Page 3 - Subjective Audio Analysis
Reviewing audio devices require extensively trained ears and lots of experience. Even for audiophiles, it may prove challenging at times to obtain an accurate evaluation of a product without a thoroughly familiar product to use as a simultaneous reference. While I am not going to even try to claim that I am the only trustworthy or best reviewer for sound, it is fact that most computer review sites have editors that are insufficiently trained in reviewing earphones. Give them practically anything and all you will read about goes along the line of "good bass, nice midrange, awesome treble, really clear sound, 10/10". While there are many knowledgeable audio reviewers at various respected online media outlets, these are by far the minority.
As I have mentioned in my past audio reviews, there are really no true objective measurements for earphone sound quality. As the reviewer, however, I'll put it through a series of subjective tests to try to come up with the most objective rating possible (Yes, it's quite a paradox haha). The tests were conducted primarily with the V-MODA XS. They are not particularly high impedance at 28 ohms, but the V-MODA XS are one of the most renowned headphones in the market today, known for its superior accuracy in sound reproduction thanks to its impressive flat frequency response. All tracks used for auditioning are uncompressed CDs, FLAC, or LAME encoded MP3s at 192kbps or higher. For comparison, I used my Apple iPhone 5 16GB.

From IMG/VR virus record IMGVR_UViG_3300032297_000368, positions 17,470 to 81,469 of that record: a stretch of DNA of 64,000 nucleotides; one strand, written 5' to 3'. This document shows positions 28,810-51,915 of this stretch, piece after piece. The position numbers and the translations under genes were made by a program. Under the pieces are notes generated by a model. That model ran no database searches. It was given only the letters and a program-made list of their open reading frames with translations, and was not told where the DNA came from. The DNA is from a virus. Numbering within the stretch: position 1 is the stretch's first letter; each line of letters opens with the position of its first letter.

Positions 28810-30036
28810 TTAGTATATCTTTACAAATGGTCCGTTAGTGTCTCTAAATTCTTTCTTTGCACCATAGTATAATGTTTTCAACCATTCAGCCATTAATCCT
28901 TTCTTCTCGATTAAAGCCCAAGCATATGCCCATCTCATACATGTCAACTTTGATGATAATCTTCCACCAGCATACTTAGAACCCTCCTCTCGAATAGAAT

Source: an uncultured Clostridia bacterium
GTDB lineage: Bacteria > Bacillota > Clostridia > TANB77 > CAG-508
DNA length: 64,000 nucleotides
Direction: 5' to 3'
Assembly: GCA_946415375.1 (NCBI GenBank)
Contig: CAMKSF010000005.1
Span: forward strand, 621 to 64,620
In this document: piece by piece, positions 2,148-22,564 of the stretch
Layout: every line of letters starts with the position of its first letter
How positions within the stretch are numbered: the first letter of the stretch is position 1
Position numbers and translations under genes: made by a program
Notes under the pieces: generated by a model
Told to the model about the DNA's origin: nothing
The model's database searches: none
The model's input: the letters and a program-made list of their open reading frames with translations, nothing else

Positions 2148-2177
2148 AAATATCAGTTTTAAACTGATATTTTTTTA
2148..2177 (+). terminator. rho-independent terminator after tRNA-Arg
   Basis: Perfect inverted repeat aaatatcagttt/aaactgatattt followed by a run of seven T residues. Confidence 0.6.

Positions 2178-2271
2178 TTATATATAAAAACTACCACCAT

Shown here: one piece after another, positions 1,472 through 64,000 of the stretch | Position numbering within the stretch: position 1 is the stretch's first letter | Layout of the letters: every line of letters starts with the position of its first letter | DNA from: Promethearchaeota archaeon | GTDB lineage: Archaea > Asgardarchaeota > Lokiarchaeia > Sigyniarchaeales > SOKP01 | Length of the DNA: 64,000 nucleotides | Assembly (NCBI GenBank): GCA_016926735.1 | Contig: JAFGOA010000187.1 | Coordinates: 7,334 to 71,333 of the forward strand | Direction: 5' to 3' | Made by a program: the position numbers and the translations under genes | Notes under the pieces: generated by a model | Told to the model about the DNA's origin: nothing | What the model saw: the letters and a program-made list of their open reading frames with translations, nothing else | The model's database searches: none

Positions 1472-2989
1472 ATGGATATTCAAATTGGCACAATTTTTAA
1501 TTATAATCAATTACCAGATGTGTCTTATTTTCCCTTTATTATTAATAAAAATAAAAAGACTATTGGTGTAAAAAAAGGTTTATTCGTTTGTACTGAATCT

After a quick driver installation, we were off. I found the XMOS audio driver to be a little buggy under both Windows 7 and Windows 8.1. On three different machines I have used it on, it will give me pop up error when I try to adjust the volume, which is quite annoying.
To be absolutely fair, the Apple iPhone 5 actually produces pretty good sound with the V-MODA XS out of the box. With a pair of 28 ohm headphones, and listening to music at volumes that will not cause hearing aid company stocks to rise anytime soon, what kind of difference does the SilverStone EB01-E DAC and EB03 headphone amplifier make? A good analogy I would like to make is similar to buying a car equipped with a V6 engine, rather than the same model equipped with an I4. Sure, you are not going to go drag racing with anyone anytime soon, and both can do the legal speed limit on the highway just fine (Because we obviously all travel at legal speeds, right?), but the six cylinder will do it more effortlessly in a much smoother manner. The EB01-E and EB03 combination is no different.
Upon listening, I was immediately drawn to the system's flat and consistent frequency response. As I have mentioned earlier, the V-MODA XS are designed to be very accurate and neutral from the factory. The iPhone 5 is also pretty good at putting out a flat signal. However, when certain devices do not have enough power to drive the headphones, you can kind of hear certain details veer off. Obviously, the average output is still going to be pretty flat, due to the nature of the source and headphones. That said, the SilverStone EB01-E and EB03 are noticeably superior in this regard. For one thing, the perceived resolution is improved. This is because the bass, midrange, and treble are more defined at the final output; causing specific details to stand out more prominently.
Secondly, thanks to the quality analog signal produced by the EB01-E DAC, and the increased drive power provided by the EB03, the final sound output was clearly smoother than the iPhone. At medium volumes, the iPhone sounded a little harsh at the extremes. When plugged into the SilverStone rig, my series of test tracks -- which I am very familiar with throughout years of testing with the same songs -- is warmer and smoother to listen to. The total auditioning performance is much more harmonized and comfortable to the ear. I have noticed a slightly boosted soundstage from the result of using the EB01-E and EB03 as well.
1. Introduction, Packaging, Specifications
2. Physical Look - Hardware
3. Subjective Audio Analysis